CINCINNATI -- The Reds ended emphatically put a stop to Chris Carpenter's five-year streak of dominating them. Those bad feelings? Judging by the final out, they're not going to end anytime soon.
If anything, the NL Central's rock 'em-sock 'em rivalry keeps getting livelier.
Brandon Phillips hit a bases-loaded double in the seventh inning Sunday that ended Carpenter's outing and his long streak of beating the Reds, who held on for a 9-7 victory and three-game sweep of the St. Louis Cardinals.
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"The teams don't like each other," said Lance Berkman, who struck out against Cordero for the final out. "That's just part of the deal."
The Reds' first home sweep of the Cardinals since September 2007 left them alone atop the NL Central, 1½ games ahead of the fuming Cardinals. The Reds got the better of their two-team race last season, and reasserted themselves over the weekend as the ones to beat.
"It's always a beautiful thing getting a sweep," Phillips said. "I'm happy with a win no matter who we're playing. We're having fun right now."
Not the Cardinals.
Carpenter (1-3) hadn't lost to the Reds since June 6, 2006, winning his last 10 decisions against them. Phillips, despised by the Cardinals for his demeaning remarks that touched off a brawl last season, got the decisive hit.
Trailing 4-2 in the seventh, the Cardinals intentionally walked National League MVP Joey Votto and let Carpenter face Phillips with the bases loaded. His double made it 6-2 and ended Carpenter's outing. Jay Bruce followed with a two-run double off Trever Miller.
"Like I've been telling everybody, everybody has their day," Phillips said. "Today, we hit his mistakes and took advantage of situations. I love the way we're playing right now."
The Reds' bullpen let most of a 9-2 lead get away, letting the tension build in the ninth.
Aroldis Chapman walked four of the five batters he faced, extending his streak of wildness. Nick Masset gave up a two-run double by Ryan Theriot that cut it to 9-5. Cordero came on with one out and gave up a two-run double to Nick Punto, then came up-and-in with a two-strike pitch to Pujols that hit the first baseman on his left wrist.
Pujols realized that Cordero didn't want to put the tying run on base, but some of his teammates started yelling at Cordero.
Cordero got Holliday to hit into a forceout, then struck out Berkman and pumped his arm in celebration like he usually does. That's when the words flew back and forth between the mound and the Cardinals' dugout. Cordero waved angrily toward the Cardinals dugout before lining up to shake hands with teammates.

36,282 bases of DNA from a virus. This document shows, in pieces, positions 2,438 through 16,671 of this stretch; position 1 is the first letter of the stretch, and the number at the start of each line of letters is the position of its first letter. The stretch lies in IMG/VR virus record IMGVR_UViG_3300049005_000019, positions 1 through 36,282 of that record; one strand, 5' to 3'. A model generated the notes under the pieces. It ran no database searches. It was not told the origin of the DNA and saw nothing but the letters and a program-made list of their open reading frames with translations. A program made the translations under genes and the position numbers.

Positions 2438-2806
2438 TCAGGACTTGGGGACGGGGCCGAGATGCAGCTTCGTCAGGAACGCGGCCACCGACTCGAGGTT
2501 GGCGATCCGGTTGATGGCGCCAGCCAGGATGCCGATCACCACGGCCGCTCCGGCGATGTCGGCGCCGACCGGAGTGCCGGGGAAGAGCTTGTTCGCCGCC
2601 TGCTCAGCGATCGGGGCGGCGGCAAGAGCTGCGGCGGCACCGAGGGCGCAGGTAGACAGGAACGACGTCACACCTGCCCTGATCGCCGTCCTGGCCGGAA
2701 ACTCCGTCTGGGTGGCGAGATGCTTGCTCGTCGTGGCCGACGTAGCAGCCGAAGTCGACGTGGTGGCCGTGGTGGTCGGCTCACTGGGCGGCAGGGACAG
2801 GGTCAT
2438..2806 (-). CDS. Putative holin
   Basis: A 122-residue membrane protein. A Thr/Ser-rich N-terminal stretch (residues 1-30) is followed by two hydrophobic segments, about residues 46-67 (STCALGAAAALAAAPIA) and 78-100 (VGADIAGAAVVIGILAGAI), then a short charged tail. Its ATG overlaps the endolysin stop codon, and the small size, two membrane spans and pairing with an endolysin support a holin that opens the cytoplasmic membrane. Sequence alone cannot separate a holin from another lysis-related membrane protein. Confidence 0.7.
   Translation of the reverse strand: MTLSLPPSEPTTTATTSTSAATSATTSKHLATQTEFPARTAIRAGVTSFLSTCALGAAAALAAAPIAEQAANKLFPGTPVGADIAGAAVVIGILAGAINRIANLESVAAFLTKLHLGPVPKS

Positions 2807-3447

"I wasn't trying to hit him," Cordero said. "I've got nothing against the Cardinals."
Pujols stayed in the game with a bruise that quickly became the latest enduring mark in the rivalry.
"They took offense to it, we took offense to it, and the soap opera continues between these guys," acting Cardinals manager Joe Pettini said. "It's always something when you come in here."
Cincinnati's starting lineup had a combined .211 average against Carpenter, who went 5-0 against the Reds last season and was a big reason for the Cardinals' 12-6 record against them.
Pitching in a steady rain on a 55-degree afternoon, he lost his hold on a team starting to find its stride. The defending NL Central champions have won nine of their last 11, moving a season-high six games over .500 at 23-17. Cincinnati's 1½-game lead is its biggest since April 17.
The sweep left the Reds 4-2 against St. Louis this season.
- Carpenter's last loss to the Reds was 7-0 against Eric Milton.
- It was the first time the Cardinals got swept this season.
- Berkman's homer snapped an 0-for-15 slump and gave him 22 at Great American Ball Park, the most by any visiting player.
- Reds C Ryan Hanigan is sidelined by a sore right hand, hit by a pitch on Friday night. He would have played Sunday if healthy.
- Hernandez has six homers, one shy of his total last season.
- Chapman threw 18 balls in 23 pitches. He has walked 12 batters in his last four appearances.